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We're All in This Together, but Actually We Aren't
25 October 2001
The questions hung in the Indian summer air.
The people who lingered on the grounds of D.C. General Hospital, a poor man's hospital that is mostly shut except for anthrax duty, did not ask the really big questions.
The postal workers who got shuttled to the hospital - bused over, finally, to pick up their Cipro - do not wonder who did this to them. They do not ask each other the TV-talk question, "Why do they hate us?" They do not wonder what comes next in Afghanistan.
Their question is the one on the lips of a bearded mail carrier, sweating with anger. His rounds make him a human go-between on the route from a contaminated mail center to the quarantined offices of Capitol Hill.
"Why would they give us gloves and a mask, when the people who go inside get full body suits?" he raged.
Inside is the now-famous Brentwood mail distribution center, which handles mail for the entire District of Columbia. It is the latest of many ground zeroes in the anthrax attacks.
The insiders get moonsuits. The postal workers get to find out, only after two of their own die from anthrax, that they need to get drugs.
The question of who gets the gloves and who gets the moonsuits is the same, really, as the question of who gets his office closed and sanitized, and who gets to stay on the job, there on the front lines. This is the 21st-century twist on a question of equity, old as the republic.
The postal workers answer it themselves.
They do not want to hear from the president of the United States, the head of the Centers for Disease Control, the postmaster general or the district's mayor or any talking head with wagging tongue, that everyone moved to protect them as quickly as they knew how. Experience tells them this is laughable or a bald lie, take your pick. When a letter stuffed with a powerful strain of anthrax was opened in Senate Majority leader Tom Daschle's office, the office - and soon after, all congressional offices on Capitol Hill - were shuttered and the workers immediately tested. It was only days later, after the two postal workers were at the hour of their death, that Brentwood and its people got the same treatment.
"Somebody in there believed it was serious enough to do that," letter carrier Malcolm X. Lee said of the congressional shutdown, still mostly in effect. "If they feel that way and they are representatives of the government, then what are we supposed to feel? We have families, too."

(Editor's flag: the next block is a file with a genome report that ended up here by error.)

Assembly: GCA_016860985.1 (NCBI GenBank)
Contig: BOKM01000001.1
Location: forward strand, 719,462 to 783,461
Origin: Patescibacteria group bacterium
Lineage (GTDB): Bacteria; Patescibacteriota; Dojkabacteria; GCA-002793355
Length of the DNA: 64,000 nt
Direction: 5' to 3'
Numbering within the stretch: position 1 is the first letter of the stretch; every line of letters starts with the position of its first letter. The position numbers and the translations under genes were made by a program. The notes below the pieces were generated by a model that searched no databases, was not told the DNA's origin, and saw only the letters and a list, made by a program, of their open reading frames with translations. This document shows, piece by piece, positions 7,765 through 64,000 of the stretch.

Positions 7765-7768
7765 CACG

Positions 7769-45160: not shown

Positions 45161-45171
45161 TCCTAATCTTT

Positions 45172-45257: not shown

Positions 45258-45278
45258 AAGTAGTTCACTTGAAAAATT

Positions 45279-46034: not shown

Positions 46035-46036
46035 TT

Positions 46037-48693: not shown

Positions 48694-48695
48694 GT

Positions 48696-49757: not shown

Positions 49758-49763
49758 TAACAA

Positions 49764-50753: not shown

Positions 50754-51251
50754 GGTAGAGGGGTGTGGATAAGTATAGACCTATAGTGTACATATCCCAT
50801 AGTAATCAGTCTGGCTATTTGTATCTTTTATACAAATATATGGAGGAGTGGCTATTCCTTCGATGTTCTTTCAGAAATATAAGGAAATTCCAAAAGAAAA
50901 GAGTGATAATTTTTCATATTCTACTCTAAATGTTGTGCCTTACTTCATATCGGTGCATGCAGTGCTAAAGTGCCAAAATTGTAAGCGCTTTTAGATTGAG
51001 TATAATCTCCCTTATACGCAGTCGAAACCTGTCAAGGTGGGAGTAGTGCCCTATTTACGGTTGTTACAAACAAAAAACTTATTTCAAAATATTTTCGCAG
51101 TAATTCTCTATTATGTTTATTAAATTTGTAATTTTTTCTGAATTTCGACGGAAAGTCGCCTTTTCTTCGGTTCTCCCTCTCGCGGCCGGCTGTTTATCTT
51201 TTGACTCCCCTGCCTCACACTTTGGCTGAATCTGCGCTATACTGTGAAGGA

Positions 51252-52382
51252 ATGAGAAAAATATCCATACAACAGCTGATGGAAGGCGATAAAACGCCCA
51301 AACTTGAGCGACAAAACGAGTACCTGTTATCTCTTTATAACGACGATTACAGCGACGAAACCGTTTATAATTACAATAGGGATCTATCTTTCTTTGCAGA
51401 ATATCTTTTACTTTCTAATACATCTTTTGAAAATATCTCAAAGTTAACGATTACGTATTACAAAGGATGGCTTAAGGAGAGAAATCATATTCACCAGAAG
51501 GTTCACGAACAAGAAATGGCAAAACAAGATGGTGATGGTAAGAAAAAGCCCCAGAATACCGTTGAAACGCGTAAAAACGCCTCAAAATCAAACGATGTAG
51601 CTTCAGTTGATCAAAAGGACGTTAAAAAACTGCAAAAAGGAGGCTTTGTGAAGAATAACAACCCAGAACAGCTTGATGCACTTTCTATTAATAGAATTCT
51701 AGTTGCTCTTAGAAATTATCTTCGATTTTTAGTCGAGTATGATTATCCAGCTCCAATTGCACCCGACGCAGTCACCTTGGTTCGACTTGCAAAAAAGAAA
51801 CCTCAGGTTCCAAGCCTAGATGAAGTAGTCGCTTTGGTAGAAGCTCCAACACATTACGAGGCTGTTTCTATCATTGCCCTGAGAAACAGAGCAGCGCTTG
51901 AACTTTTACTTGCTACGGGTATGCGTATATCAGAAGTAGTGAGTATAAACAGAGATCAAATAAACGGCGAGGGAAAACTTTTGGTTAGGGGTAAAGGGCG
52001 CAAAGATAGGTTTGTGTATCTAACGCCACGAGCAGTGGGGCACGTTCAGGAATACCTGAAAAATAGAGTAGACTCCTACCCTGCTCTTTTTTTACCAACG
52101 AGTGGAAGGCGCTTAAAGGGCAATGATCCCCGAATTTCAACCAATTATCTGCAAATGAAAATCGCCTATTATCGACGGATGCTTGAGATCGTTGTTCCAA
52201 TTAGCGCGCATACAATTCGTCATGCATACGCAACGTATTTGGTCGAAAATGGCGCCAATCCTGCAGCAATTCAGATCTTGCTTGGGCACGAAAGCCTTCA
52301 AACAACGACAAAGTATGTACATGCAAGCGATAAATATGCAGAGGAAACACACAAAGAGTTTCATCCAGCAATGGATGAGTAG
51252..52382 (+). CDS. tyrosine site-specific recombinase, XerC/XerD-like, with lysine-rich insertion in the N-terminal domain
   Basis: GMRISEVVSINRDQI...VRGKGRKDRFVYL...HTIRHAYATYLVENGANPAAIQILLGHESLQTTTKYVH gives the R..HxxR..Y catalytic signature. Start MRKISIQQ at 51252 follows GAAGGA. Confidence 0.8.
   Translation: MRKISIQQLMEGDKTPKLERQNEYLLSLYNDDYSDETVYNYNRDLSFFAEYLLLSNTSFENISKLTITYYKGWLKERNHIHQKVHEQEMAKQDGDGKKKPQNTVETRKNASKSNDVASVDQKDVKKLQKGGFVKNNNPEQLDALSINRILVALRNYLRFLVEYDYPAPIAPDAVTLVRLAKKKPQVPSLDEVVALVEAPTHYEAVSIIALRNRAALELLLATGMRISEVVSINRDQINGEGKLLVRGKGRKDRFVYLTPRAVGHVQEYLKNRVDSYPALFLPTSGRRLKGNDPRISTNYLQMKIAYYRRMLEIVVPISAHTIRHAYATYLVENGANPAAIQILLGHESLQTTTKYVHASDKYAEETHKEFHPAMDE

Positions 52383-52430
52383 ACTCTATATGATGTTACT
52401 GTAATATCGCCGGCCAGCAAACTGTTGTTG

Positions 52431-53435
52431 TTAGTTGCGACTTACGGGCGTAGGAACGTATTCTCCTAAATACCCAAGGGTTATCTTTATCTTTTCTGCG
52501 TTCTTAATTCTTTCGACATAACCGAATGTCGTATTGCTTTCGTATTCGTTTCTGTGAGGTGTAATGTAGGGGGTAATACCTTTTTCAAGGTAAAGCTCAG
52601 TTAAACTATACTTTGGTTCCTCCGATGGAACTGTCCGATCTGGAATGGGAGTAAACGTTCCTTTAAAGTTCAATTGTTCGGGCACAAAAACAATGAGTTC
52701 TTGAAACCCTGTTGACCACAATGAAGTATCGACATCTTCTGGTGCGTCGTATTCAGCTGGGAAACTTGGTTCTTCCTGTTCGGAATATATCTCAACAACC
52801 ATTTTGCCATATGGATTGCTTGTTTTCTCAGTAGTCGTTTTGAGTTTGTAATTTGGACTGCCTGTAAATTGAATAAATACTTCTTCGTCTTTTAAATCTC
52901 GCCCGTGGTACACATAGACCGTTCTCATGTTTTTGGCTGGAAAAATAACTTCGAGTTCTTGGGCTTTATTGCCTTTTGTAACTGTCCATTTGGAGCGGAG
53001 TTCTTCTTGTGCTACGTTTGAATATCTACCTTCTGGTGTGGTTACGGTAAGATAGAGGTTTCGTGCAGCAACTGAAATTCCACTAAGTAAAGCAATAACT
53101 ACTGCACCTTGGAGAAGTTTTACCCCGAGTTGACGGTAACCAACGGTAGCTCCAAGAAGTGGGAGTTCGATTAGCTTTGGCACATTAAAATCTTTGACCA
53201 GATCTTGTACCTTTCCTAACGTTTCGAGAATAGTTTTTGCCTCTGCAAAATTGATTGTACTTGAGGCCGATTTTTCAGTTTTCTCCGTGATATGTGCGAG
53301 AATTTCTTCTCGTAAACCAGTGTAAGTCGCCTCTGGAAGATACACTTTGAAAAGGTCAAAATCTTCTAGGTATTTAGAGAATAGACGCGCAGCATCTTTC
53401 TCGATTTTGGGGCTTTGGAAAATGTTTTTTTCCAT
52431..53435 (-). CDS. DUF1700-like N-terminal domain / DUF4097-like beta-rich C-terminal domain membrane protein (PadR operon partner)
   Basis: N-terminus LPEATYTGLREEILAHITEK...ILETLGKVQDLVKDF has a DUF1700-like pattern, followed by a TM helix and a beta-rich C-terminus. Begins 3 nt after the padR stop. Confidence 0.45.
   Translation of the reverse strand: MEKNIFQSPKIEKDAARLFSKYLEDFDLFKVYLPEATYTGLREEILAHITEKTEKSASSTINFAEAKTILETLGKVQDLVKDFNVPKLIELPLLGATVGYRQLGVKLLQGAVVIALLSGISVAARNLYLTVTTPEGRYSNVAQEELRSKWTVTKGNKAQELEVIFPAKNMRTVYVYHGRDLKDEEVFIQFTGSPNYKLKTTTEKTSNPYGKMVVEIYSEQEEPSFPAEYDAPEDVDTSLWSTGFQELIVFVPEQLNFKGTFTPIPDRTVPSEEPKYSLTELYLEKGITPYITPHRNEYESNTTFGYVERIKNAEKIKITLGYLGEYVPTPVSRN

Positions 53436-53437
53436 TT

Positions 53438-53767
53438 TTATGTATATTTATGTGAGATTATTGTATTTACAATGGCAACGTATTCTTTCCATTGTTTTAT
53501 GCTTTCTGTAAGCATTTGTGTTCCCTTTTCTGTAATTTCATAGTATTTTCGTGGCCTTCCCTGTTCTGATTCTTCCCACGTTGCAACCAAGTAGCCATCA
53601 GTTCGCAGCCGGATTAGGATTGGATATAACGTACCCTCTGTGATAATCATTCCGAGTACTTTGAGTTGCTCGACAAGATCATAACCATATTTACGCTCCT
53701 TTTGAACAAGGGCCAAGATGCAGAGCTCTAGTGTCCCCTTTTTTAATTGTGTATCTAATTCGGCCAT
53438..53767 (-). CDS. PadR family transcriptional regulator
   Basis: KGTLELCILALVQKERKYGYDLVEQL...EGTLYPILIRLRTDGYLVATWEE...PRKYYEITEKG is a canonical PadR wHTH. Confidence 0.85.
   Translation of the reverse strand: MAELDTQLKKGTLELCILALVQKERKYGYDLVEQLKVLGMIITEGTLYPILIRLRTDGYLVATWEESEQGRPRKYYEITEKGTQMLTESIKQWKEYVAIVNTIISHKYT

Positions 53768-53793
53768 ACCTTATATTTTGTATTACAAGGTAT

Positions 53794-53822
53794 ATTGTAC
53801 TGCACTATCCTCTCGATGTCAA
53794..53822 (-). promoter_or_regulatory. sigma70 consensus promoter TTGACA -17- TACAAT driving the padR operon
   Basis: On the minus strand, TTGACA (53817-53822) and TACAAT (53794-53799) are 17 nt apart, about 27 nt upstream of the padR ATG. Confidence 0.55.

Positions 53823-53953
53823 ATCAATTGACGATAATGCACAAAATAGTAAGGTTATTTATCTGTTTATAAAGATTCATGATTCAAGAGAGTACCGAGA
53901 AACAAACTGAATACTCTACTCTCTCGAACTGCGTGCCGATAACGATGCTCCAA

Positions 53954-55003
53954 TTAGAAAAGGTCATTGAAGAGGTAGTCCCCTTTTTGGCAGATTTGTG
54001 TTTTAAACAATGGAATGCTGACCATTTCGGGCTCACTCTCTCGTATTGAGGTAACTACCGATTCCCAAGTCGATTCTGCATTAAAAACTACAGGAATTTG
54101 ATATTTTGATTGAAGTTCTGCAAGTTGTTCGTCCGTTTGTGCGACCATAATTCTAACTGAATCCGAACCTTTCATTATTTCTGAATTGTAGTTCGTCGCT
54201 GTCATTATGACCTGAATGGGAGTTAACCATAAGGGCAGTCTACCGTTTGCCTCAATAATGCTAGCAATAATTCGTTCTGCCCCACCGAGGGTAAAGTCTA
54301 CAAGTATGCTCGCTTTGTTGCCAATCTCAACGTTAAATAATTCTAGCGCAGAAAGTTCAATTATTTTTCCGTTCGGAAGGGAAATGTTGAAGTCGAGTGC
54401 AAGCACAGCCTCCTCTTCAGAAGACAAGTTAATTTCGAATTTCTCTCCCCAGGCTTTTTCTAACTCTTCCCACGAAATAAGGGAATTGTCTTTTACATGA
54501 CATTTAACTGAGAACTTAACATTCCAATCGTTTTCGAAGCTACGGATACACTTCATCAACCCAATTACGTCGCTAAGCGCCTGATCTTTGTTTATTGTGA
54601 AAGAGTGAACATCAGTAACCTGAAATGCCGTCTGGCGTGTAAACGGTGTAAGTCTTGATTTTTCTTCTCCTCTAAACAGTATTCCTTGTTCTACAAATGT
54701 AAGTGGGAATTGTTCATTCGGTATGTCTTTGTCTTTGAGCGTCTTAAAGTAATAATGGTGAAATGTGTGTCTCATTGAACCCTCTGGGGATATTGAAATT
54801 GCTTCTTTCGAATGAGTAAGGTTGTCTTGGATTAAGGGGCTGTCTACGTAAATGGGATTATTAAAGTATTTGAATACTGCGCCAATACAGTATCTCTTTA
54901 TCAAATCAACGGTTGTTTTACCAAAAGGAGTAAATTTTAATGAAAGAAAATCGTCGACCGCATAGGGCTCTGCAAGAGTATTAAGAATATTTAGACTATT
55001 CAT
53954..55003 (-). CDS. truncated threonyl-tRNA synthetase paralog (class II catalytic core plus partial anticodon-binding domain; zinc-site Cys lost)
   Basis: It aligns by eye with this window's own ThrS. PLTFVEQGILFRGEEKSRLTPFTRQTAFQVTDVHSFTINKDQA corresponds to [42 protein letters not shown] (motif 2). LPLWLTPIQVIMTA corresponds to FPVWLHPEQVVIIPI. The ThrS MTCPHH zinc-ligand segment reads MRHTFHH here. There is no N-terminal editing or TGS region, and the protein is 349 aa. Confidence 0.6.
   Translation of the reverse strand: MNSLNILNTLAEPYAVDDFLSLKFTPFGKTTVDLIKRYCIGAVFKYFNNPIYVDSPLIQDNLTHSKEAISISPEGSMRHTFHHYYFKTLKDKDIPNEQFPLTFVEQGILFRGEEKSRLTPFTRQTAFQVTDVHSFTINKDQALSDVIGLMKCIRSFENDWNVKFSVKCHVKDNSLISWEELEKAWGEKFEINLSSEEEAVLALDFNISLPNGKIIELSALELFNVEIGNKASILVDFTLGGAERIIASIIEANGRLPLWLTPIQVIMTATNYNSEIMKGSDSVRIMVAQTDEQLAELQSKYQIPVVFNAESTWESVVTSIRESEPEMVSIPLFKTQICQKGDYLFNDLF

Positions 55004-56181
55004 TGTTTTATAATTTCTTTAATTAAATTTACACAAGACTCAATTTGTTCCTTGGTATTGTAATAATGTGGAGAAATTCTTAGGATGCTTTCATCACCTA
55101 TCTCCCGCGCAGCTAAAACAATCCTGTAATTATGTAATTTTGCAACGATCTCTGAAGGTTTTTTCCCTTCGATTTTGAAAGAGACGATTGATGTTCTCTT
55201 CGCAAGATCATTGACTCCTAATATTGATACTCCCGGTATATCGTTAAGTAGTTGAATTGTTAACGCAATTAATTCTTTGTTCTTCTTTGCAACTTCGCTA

The official word from officials in charge is that no one could have known anthrax would get out of a sealed envelope.
"If we knew then what we know now, we would have acted earlier," D.C. Mayor Anthony Williams said at his daily anthrax news briefing on Wednesday. Williams at least had the decency to talk about what he knows is on the minds of his constituents. These are the people of Washington who are not seen on TV. They deliver the mail, answer the phones, clean the offices. They cook the catered meals that are eaten by the congressmen and the lobbyists. They serve and clean up.
"I think we've always been committed to making sure that all of our people regardless of where they work and what they look like and what their income is, are receiving the quality of care they deserve," Williams said.
Terror turns out to be a great equalizer. The bond traders and the dishwashers of the World Trade Center died together. The heroes of this time aren't extravagant celebrities but extraordinary firefighters.
That is what everyone says, anyway. Then we are reminded saying and doing aren't the same.
There are these postal workers, whose rounds make them a fixture on Capitol Hill but whose health seemed not to matter so much as the well-being of those they serve. There is the airline bailout money that went to the corporate suite, not the laid-off flight attendants.
There is this sophisticated public health system struggling to rise to the threat, and there are the injured from the New York and Pentagon attacks who haven't got health insurance. There is a so-called economic stimulus bill in the House that gives billions in breaks - on back taxes - to big corporations, and leaves unchanged an unemployment system that covers fewer than half the unemployed.
We are, when the attacks come, all in this together. But in their aftermath, it seems not.